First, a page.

Those are my lessons for the week. I am setting a goal……of sorts. I am not a fan of goals as they are too specific for me. I prefer to “work to constantly improve” which may sound like a cop-out but I’m working on so many things at the same time……usually…..that I don’t want to set a goal I know I won’t meet because it is too specific.

I want to be done with the first draft in 16 weeks. I wanted to write that as 4 months but I think 16 weeks has a little more punch. It is July 15th @ 6.52am……first draft will be done Nov 15th.

Below you will find chapter 2, as always, unedited and notes included. Please feel free to leave comments.

Chapter 2

The train was making it’s way out of the station when Daryl got the reply

##add back the message details

::Hey Daryl, good to hear from you. I do have a controller job open. I’ve been really pleased with Darren’s bots and efforts so far [Details Set – Off]::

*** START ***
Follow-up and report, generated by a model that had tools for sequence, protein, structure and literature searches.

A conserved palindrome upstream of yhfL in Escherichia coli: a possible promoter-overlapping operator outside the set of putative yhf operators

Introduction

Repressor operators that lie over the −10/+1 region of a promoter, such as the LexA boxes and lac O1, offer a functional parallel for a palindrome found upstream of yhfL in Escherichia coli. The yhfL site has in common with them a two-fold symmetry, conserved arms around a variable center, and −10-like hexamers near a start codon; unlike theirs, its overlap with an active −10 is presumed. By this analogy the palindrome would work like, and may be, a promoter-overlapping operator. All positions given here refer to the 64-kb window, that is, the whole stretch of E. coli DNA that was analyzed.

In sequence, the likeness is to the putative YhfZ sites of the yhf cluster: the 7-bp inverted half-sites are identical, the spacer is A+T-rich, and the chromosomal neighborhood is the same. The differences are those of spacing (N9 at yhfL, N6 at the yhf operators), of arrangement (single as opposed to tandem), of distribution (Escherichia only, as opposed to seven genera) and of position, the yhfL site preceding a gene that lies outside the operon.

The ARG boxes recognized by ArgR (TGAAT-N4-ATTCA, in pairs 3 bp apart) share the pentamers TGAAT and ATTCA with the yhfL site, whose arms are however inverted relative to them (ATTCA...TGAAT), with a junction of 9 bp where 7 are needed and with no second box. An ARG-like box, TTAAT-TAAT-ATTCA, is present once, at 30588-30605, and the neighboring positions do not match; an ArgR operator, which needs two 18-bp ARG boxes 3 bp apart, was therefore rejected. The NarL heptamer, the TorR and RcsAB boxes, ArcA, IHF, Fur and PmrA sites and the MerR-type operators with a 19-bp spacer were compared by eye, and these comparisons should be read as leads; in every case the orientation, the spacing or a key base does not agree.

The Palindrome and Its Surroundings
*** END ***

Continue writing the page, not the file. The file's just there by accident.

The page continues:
::Makes me proud to hear that, his cousin is looking for a job and I wanted to ask if I could set up an interview::

::Sure, can you have him apply through the boards?::

::[Encrypt Set – On] There is a reason I wanted to reach out before we took that step::

::[Encrypt Request Confirm – Yes/No] {Yes} I’m intrigued::

::[Encrypt Confirmed] Her name is Sarah::

::[E] Ah……I see. Well you know how I feel about the culture up here. It stinks. And if Sarah is as good a worker as Darren, I would be pleased to have her aboard. What kind of fleet does she operate?::

::[E] [Add Participant : SARAH]::

Sarah’s data pad gave her a new chat notification

“Tarik wants to know about your fleet” Daryl informed her

::[E] Sarah: Hi Tarik, my Uncle says you want to know about my fleet. I run 10 bots. They are all inspector-transport hybrid bots. I am building my first construction bot now. I have tested all my bots in the pool. I also helped Darren build up his fleet when he was recruited::